Kwasi Kwarteng has been accused of delivering a reckless mini-budget for the rich after his £45bn tax cutting package sent the pound crashing to its lowest level against the dollar in 37 years.
In a high-risk strategy designed to revive Britain’s stagnant economy, the new chancellor announced more than £400bn of extra borrowing over the coming years to fund the biggest giveaway since Tony Barber’s ill-fated 1972 budget.
Kwarteng said tax cuts worth more than £55,000 annually to someone earning £1m a year were part of a new direction for the economy and were designed to help boost growth to 2.5% a year. Some Labour MP described them as a “class war'”.
But the Treasury admitted there were no forecasts for the impact of the measures on growth and the gamble received a hostile reception not just from the markets and from opposition politicians, but from economic thinktanks and many Tory MPs, some of whom were aghast.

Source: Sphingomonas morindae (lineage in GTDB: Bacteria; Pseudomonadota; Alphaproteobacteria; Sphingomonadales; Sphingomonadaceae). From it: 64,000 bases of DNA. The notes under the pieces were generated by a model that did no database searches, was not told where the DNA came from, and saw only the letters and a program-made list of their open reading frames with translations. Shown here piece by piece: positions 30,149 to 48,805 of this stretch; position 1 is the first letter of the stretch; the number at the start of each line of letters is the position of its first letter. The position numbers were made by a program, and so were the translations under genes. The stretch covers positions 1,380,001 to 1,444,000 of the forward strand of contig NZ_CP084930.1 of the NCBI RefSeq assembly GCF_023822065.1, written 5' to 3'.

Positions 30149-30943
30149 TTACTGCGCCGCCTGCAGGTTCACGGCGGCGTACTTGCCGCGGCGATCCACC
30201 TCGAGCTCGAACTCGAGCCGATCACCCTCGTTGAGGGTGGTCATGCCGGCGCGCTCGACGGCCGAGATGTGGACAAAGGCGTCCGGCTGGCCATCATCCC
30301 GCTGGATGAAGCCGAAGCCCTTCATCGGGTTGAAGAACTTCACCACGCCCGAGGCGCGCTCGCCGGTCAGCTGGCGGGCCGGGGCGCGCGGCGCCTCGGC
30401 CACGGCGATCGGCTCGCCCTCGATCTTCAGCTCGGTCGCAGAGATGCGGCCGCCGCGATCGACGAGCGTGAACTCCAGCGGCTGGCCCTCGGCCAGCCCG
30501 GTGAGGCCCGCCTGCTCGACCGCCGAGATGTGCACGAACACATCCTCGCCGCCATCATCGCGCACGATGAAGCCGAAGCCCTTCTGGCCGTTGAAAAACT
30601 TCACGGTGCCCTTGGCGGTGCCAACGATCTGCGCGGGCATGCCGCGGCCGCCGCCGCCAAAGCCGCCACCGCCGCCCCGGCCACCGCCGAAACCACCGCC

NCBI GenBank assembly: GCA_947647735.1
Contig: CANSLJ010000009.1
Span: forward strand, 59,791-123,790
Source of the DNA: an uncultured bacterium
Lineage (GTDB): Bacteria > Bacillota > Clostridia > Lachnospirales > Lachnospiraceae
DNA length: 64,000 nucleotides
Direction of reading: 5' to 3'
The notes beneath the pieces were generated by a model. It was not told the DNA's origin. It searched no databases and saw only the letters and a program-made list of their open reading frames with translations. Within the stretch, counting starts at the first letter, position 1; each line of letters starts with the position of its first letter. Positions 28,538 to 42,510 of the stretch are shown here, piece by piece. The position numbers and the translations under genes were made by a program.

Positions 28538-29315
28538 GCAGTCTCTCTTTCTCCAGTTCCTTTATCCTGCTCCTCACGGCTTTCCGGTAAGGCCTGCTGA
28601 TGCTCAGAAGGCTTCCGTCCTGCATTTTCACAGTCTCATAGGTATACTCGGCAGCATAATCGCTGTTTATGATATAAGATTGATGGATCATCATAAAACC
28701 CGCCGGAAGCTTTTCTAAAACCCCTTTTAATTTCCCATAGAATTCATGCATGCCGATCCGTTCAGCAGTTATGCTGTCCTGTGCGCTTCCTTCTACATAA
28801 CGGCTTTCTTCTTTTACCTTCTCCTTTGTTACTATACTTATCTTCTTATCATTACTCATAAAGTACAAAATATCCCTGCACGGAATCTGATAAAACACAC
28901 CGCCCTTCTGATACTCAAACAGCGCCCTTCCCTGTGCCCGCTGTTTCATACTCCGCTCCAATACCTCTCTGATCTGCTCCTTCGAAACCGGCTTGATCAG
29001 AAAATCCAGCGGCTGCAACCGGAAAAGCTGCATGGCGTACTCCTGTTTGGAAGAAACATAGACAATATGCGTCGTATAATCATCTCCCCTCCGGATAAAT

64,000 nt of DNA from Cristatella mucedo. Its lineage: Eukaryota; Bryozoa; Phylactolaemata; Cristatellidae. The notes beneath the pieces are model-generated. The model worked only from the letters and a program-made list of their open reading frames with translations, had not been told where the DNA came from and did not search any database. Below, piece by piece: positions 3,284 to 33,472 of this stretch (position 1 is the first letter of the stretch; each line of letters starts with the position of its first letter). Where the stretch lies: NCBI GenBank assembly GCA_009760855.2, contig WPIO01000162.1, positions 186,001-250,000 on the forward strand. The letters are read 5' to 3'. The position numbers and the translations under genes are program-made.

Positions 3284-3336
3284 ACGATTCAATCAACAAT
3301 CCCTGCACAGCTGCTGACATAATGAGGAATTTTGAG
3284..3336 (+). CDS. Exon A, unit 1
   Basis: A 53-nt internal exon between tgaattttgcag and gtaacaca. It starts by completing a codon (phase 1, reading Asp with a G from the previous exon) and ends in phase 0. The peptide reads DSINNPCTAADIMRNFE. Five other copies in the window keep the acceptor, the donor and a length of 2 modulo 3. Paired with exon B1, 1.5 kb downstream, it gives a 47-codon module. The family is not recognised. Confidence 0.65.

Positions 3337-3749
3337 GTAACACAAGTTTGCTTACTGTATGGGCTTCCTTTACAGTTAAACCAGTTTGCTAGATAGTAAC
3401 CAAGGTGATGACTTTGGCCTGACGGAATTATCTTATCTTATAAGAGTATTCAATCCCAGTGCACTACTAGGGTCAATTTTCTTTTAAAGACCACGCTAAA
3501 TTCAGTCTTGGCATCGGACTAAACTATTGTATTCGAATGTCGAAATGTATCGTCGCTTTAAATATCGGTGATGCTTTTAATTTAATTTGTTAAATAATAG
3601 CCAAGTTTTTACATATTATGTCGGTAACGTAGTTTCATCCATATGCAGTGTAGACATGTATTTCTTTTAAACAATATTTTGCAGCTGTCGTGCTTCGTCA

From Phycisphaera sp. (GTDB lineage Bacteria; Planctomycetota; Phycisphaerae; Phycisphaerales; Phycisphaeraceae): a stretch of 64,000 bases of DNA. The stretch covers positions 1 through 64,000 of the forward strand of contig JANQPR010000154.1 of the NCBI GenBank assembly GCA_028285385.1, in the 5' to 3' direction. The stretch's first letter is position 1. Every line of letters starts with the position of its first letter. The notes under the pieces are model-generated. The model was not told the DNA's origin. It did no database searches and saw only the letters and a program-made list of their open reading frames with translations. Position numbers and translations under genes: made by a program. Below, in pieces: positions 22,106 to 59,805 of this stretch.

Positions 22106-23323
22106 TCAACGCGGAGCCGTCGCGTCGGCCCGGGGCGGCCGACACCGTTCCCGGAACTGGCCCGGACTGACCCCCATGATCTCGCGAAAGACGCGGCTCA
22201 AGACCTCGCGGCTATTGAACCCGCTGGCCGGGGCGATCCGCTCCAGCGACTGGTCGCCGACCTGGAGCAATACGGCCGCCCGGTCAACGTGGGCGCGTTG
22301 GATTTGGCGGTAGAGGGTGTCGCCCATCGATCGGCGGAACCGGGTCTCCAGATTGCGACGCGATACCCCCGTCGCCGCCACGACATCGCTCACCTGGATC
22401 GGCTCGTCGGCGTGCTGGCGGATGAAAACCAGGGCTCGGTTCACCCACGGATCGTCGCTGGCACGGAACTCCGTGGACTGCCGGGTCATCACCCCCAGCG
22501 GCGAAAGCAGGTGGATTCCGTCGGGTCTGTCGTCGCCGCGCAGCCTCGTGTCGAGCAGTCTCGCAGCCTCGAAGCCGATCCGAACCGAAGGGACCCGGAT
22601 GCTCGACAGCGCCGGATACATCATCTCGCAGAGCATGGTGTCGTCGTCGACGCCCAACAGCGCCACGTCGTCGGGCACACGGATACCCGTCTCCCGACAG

Paul Johnson, the director of the Institute for Fiscal Studies, said: “Today, the chancellor announced the biggest package of tax cuts in 50 years without even a semblance of an effort to make the public finance numbers add up. Instead, the plan seems to be to borrow large sums at increasingly expensive rates, put government debt on an unsustainable rising path and hope that we get better growth.
“Mr Kwarteng is not just gambling on a new strategy, he is betting the house.”
The shadow chancellor, Rachel Reeves, described it as “casino economics”.
Kwarteng scrapped the 45% rate of income tax paid by those earning more than £150,000 a year, abolished the cap on bankers’ bonuses, reversed the rise in national insurance contributions and brought forward by a year the reduction in the basic rate of income tax from 20% toRead more on theguardian.com